- Porcelain Laminates Aka Veneers
- Crown & Bridge Restorations
- Dental Implants Restorations
- Implant Surgery
- Gum Disease
- Root Coverage Gum Recession
- Root Canal Diagnosis
- Treatment Of Bad Breath
- Ceramic Fillings
- Crown Lengthening Surgery
- Prevention Gum Disease
- Sedation Anxiety Free Painless Dentistry
- Snoring Apnea
- Teeth Whitening
- Tooth Colored Fillings
- Tooth Extractions
- Oral Cancer Screening
Porcelain Inlays & Onlays
Dr. Edalat is a certified specialist in the field of Prosthodontics which includes restorations such as ceramic/porcelain inlays and onlays. The team has an in-depth knowledge of the principles of occlusion, which has to do with the bite equilibration and harmony. This is essential for the long term success of any restorative or aesthetic procedure. One of the main advantages of Dr. Edalat’s cosmetic dental studio is that you can complete your entire treatment by certified specialists who communicate in detail all aspects of the treatment that are interrelated for optimal results. Most patients don’t like the inconvenience of having to go to different offices to complete their work. There is the risk that the timing sequence to complete a certain treatment when it is being done at different offices may compromise the final result. Also since the work is being done in different offices there may be a miscommunication between the referring doctors which may also compromise the final result.
Porcelain inlays and onlays are a better alternative to traditional amalgam (silver) or bonding (white) fillings, in cases where the decay or fracture is so extensive that a traditional filling would compromise the structural integrity of the restored tooth. The ceramic materials like Feldspathic porcelain are more similar in strength, stiffness and aesthetic qualities to the natural tooth structure compared to composite resin fillings. Inlays and onlays in some cases are better alternatives to crowns because they require less removal of the natural tooth structure compared to a crown preparation, therefore they are a more conservative approach. This is the biomimetic approach to dentistry.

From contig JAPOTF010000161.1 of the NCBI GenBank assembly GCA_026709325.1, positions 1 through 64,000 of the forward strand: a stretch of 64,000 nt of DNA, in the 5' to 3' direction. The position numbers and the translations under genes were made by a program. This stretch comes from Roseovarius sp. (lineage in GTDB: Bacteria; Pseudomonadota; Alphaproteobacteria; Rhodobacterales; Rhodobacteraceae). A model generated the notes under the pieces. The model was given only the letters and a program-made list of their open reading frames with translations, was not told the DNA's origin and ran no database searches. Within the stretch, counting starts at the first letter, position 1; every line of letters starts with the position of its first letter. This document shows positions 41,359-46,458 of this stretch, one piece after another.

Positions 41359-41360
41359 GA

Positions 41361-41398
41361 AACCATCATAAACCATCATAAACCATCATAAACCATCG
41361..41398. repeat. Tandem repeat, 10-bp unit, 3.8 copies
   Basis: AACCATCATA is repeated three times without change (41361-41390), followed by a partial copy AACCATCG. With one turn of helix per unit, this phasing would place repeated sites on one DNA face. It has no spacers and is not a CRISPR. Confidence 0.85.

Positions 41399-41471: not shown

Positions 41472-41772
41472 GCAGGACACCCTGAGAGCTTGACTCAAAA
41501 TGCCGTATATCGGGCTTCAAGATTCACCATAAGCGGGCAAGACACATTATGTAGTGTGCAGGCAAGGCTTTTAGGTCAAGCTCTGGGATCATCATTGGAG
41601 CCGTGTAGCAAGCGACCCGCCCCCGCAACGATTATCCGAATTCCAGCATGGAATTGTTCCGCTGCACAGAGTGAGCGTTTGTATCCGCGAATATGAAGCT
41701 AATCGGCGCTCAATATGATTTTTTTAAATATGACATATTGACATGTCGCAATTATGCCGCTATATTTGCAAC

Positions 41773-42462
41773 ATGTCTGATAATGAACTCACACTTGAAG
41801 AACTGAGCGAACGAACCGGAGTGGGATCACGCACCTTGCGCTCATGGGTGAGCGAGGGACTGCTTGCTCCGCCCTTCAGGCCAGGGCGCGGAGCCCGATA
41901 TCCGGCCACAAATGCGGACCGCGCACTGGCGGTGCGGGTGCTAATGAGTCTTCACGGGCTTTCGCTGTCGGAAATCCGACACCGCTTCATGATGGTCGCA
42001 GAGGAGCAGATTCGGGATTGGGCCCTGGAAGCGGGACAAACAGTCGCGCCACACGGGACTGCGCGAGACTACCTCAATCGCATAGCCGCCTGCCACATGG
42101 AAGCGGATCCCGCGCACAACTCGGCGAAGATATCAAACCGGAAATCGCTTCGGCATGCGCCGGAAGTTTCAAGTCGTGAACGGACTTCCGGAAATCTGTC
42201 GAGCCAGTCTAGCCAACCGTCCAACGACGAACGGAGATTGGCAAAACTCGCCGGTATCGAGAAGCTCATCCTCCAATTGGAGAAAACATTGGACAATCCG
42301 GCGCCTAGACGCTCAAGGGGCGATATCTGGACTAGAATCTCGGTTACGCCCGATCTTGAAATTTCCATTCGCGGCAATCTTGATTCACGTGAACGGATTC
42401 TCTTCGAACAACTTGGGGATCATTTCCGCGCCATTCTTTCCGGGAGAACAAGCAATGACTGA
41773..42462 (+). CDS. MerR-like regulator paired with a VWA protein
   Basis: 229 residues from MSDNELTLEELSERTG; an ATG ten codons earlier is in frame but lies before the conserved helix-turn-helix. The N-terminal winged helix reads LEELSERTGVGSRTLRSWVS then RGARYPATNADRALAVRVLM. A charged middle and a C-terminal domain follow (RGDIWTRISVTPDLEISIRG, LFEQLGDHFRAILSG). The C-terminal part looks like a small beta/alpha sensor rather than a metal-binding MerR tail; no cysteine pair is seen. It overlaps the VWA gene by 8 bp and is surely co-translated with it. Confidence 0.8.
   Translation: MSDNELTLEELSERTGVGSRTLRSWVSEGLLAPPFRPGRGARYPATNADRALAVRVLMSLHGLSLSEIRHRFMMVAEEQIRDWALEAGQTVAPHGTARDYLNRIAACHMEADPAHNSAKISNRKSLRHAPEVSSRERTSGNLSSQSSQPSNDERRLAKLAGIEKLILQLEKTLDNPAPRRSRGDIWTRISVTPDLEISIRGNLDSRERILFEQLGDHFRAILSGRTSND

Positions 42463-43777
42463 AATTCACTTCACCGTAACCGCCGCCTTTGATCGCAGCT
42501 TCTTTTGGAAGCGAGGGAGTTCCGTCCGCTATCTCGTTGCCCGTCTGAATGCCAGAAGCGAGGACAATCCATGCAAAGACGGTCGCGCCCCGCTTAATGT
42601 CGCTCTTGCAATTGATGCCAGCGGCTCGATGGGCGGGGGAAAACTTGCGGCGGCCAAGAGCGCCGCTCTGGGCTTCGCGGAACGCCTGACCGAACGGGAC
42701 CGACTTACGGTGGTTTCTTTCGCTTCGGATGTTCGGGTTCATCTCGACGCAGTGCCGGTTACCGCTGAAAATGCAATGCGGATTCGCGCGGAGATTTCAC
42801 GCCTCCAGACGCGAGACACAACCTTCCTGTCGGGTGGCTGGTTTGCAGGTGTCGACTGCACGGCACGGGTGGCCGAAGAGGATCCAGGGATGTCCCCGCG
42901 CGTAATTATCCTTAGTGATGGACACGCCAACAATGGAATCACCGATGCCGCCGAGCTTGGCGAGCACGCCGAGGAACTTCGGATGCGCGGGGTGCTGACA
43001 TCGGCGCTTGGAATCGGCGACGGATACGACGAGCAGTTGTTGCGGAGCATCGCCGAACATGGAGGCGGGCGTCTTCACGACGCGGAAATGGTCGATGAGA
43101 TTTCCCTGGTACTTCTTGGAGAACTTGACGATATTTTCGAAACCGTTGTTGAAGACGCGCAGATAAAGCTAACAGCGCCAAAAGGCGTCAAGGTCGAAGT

As these restorations are bonded to the tooth itself they help to strengthen the remaining tooth structure by holding the surrounding walls of the cavity together through the chemical and mechanical bonding phenomenon. They are superior to composite resin fillings in terms of resistance and wear to occlusal forces, protection against recurrent decay, precision of fabrication, marginal integrity, and ease of cleansing. These restorations are aesthetically superior to other filling materials as they are most often made of ceramics which do not discolor over time, as bonded composite fillings tend to do.
PATIENT EDUCATION VIDEOS
Similar to an inlay, an onlay is a restoration which incorporates a cusp or cusps of the teeth in question by covering the missing cusps. The onlay allows for conservation of tooth structure when the only alternative is to totally eliminate cusps and perimeter walls for restoration with a crown.
Typically, inlays or onlays are completed in two or more dental visits, as they are fabricated in a laboratory and then bonded to the tooth in office. In the meantime, a temporary restoration is made and inserted in the tooth to ensure comfort.
Indirect restorations on biting surfaces
When the biting surface of a back tooth needs a restoration, an excellent choice is often a porcelain inlay or onlay.
Inlays and onlays are called “indirect restorations” because they are fabricated outside of the tooth, and then placed on the tooth in a separate step.
Choosing between inlays and onlays
We’ll choose between an inlay and an onlay depending on how much of your tooth structure has been lost. An inlay fits within the grooves of the tooth’s biting surface, like a filling, while an onlay also covers one or more cusps of the tooth.
Both kinds of restorations are precision-crafted by the master ceramist in a dental laboratory, so it may take two or more appointments to restore your tooth with a porcelain inlay or onlay.
Placing a porcelain inlay or onlay
On your first visit, we numb the area to make you comfortable. We may also use a rubber dam to protect your mouth and the back of your throat while we work.